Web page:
Tools for Changing the World

Social psychology for social good

I’d do it if you’d just tell me how!

October 3rd, 2011

ChangeThose of us fighting sexism are sometimes envious of those of us fighting, say, the use of toxic chemicals. When you want to reduce the use of chemicals, you have clear goals, such as “get legislation enacted that will prevent their manufacture”. This is difficult, but not complicated – we know the processes involved in changing laws – and most of the activists involved would agree that it’s a positive move.

When you want to reduce sexism, your goal is “make people think differently.” Go ahead and take a first step on that one. Slogans are all very well, but how can we tell whether they’re working? And good luck getting a group of activists to agree on the best way to approach it.

My last post was about ways to make change easier. This one’s about making change clearer so that the people you’re talking to can see how to take action.

There’s a great example in a book called Switch: How to Change Things When Change Is Hard. The authors, Chip and Dan Heath, describe a pair of researchers who wanted to find ways to persuade people to “eat a healthier diet.” This isn’t a change that has an obvious first step. There are so many ways to “eat healthier” and it’s nearly impossible to tell which are most important.

So, the researchers picked a single behaviour that would make a difference: switching from high-fat milk to skim or 1% milk. They launched a campaign in two communities focussing on how much saturated fat is in a glass of whole milk – as much as in five strips of bacon! And they measured milk purchasing in local stores.

The results supported their approach. Before the campaign, low-fat milk had 18% of the market; afterward, it had 41%. Six months later, it was holding at 35%.

perfectly clearThis campaign had a positive effect – unlike many “eat healthier!” campaigns – because it was clear and specific. It wasn’t too difficult to do, and it was possible to measure whether it was working.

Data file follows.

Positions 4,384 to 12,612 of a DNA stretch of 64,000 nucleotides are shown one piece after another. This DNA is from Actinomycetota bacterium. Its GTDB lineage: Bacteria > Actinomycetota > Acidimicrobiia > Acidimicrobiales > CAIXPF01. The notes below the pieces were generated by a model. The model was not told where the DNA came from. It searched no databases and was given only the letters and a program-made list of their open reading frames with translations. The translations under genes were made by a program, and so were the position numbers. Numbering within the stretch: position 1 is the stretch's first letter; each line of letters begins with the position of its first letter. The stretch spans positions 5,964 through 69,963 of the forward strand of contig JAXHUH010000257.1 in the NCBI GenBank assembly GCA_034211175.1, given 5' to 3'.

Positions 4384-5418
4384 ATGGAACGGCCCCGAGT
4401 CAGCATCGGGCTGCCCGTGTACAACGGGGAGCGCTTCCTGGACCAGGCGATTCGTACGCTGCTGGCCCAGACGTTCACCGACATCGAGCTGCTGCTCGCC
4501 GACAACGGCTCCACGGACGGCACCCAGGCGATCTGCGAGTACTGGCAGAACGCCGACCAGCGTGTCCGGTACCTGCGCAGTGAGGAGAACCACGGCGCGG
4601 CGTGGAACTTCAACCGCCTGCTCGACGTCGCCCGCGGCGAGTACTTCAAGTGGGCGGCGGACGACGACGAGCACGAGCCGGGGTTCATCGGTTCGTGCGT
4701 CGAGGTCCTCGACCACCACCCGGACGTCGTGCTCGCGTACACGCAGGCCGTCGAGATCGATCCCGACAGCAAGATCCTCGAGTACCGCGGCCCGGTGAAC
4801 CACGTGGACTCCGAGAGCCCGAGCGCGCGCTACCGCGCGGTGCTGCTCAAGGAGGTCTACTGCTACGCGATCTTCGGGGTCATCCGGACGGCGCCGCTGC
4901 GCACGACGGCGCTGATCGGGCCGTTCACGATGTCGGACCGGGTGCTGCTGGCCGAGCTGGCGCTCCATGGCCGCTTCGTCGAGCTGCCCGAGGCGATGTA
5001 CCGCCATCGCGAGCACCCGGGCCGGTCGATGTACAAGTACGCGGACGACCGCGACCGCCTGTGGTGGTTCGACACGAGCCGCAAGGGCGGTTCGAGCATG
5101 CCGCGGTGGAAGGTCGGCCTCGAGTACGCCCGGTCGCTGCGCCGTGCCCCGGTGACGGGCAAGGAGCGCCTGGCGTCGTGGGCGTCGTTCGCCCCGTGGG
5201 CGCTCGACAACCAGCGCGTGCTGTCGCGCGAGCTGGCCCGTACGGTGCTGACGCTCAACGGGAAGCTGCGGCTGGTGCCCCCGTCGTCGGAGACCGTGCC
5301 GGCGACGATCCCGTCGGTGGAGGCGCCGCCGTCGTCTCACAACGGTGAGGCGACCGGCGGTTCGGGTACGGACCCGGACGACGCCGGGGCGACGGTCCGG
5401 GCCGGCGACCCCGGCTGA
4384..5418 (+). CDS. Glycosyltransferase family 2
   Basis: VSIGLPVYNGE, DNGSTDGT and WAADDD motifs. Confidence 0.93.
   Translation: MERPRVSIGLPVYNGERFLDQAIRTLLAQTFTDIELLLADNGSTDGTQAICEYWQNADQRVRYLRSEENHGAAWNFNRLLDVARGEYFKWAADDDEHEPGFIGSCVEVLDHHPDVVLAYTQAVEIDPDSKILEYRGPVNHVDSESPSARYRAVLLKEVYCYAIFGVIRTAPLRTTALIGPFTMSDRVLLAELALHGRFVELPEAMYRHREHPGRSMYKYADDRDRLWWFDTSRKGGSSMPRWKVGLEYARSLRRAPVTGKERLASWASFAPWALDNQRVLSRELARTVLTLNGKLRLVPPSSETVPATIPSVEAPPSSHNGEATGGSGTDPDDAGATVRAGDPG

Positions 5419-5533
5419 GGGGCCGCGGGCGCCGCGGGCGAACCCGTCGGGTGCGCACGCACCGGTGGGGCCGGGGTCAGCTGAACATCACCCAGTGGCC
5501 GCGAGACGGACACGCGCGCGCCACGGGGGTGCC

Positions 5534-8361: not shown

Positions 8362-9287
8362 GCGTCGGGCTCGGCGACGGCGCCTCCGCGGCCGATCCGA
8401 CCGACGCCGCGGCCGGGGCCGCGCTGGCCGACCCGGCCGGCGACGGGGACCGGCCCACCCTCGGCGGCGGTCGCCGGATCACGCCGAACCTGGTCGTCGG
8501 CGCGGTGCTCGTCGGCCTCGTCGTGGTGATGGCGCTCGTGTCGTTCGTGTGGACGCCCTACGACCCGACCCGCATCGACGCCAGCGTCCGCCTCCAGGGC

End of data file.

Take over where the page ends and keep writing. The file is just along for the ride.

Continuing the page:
So, if your goal is something non-specific like “eliminate racism” or “change attitudes” or even “give better service” or “attract more volunteers”, try following these guidelines:

  1. Pick a single behaviour you want to modify. Even if there are a dozen changes you want to make, focus on them one at a time. Look for an action that you think will be relatively easy to accomplish but is likely to make a difference to your cause within a fairly short time. Example: To attract more volunteers, you decide to put up posters.
  2. Decide what constitutes success. You need to be able to tell when you’re done. You can describe the final goal in words, or you can measure the actions or their results. Example: You decide to put up posters until you get 10 new volunteers.
  3. Be specific about the action you want. Example: You ask your team to put a poster on every local campus bulletin board, activity announcement board and store wanted/for sale board.

This doesn’t guarantee success, but it does make it possible to take concrete steps toward your goals and see whether they’re working. And if they’re not, you can try a new approach, or possibly sulk. I recommend the new approach, since sulking is non-specific, and it’s hard to tell when you’re done.

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